Exploring aberrant bivalve shell ultrastructure and geochemistry as proxies for past sea water acidification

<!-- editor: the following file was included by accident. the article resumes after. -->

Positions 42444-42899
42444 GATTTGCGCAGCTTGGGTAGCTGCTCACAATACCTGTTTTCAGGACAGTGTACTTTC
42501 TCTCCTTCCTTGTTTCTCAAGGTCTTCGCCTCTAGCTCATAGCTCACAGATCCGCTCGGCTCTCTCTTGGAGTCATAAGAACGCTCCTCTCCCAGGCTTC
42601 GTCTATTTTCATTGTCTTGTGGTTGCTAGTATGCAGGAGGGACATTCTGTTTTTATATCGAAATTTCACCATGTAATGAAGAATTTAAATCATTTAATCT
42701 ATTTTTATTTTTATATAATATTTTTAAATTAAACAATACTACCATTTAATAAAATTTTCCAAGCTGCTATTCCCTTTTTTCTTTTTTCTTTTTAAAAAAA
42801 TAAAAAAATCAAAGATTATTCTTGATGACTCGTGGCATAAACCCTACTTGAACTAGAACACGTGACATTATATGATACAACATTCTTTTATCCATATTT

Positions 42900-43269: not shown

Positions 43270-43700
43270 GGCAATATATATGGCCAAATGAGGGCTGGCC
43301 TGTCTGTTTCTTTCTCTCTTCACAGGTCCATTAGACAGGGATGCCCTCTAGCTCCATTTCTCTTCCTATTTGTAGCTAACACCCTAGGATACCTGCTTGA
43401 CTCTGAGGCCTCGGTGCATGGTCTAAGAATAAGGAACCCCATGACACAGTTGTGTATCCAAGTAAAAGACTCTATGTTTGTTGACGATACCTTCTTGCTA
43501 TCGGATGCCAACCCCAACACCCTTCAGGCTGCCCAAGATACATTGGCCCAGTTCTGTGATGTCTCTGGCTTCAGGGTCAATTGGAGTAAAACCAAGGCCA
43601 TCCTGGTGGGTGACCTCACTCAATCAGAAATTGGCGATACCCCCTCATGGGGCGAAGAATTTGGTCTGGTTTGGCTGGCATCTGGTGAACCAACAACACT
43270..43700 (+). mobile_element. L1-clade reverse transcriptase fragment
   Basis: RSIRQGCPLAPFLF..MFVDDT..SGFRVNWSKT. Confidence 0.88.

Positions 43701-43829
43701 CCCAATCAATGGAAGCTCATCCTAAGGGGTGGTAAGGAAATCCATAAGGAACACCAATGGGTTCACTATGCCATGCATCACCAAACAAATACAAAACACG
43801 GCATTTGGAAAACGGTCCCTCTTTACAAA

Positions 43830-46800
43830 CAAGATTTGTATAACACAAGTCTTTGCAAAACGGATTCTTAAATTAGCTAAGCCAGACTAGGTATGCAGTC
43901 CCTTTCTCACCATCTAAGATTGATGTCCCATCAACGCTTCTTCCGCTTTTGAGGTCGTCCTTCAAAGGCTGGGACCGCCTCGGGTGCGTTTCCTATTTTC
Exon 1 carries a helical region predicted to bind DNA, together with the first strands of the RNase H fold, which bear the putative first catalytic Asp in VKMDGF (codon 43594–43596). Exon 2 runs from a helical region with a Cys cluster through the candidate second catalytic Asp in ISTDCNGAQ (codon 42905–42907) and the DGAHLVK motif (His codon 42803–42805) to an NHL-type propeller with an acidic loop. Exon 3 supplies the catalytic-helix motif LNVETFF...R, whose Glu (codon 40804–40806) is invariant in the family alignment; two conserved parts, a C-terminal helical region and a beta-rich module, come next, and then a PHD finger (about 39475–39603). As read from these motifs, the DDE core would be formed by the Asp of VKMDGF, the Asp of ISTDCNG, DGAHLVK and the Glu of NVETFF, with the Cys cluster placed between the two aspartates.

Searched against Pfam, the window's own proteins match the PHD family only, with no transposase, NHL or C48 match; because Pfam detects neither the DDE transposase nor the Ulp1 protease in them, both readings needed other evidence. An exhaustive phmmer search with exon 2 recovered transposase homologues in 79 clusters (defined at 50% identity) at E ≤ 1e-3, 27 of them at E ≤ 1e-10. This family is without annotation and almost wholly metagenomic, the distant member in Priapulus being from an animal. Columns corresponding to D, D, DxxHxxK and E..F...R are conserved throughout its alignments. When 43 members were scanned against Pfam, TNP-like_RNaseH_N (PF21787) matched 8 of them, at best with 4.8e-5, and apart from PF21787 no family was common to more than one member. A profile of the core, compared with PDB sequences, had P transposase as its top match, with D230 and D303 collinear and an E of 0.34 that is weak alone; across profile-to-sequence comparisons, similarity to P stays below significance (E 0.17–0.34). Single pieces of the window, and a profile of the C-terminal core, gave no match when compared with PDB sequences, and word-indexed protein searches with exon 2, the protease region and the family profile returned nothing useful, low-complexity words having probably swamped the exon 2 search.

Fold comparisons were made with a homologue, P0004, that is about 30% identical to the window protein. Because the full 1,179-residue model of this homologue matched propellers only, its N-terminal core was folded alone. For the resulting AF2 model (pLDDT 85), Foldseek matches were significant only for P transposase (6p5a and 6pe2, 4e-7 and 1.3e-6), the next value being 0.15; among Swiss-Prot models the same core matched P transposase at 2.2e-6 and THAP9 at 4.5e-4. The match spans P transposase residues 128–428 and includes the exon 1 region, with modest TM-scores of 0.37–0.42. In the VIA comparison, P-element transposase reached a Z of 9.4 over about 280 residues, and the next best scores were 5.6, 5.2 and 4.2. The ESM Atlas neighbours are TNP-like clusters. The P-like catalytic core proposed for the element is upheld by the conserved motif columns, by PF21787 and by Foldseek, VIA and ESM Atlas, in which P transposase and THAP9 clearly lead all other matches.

Throughout much of Earth's history, marine carbonates have represented one of the most important geological archives of environmental change. Several pivotal events during the Phanerozoic, such as mass extinctions or hyperthermal events have recently been associated with ocean acidification. Nevertheless, well-defined geological proxies for past ocean acidification events are, at best, scarce. Here, experimental work explores the response of bivalve shell ultrastructure and isotope geochemistry (δ13C, δ18O and δ26Mg) to stressful environments, in particular to sea water acidification. In this study, the common blue mussel, Mytilus edulis, was cultured (from early juvenile stages to one year of age) at four pH regimes (pHNBS 7·2 to pH 8·0). Shell growth rate and ultrastructure of mainly the calcitic portion of the shells were compared between experimental treatments. Specimens exposed to low-pH environments show patches of disordered calcitic fibre orientation in otherwise well-structured shells. Furthermore, the electron backscattered diffraction analyses reveal that, under acidified conditions, the c-axis of the calcite prisms exhibits a bimodal or multi-modal distribution pattern. Similar shell disorder patterns have been reported from mytilids kept under naturally acidified sea water conditions. In contrast, this study found no evidence that different pH regimes affect shell carbon, oxygen or magnesium isotope ratios. Based on these observations, it is proposed that: (i) stressful environments, in this case low sea water pH, predictably affect bivalve biomineralization patterns; and (ii) these findings bear potential as a novel (petrographic) proxy for ancient sea water acidification. An assessment of the applicability of these data to well-preserved fossil shell material from selected time intervals requires additional work.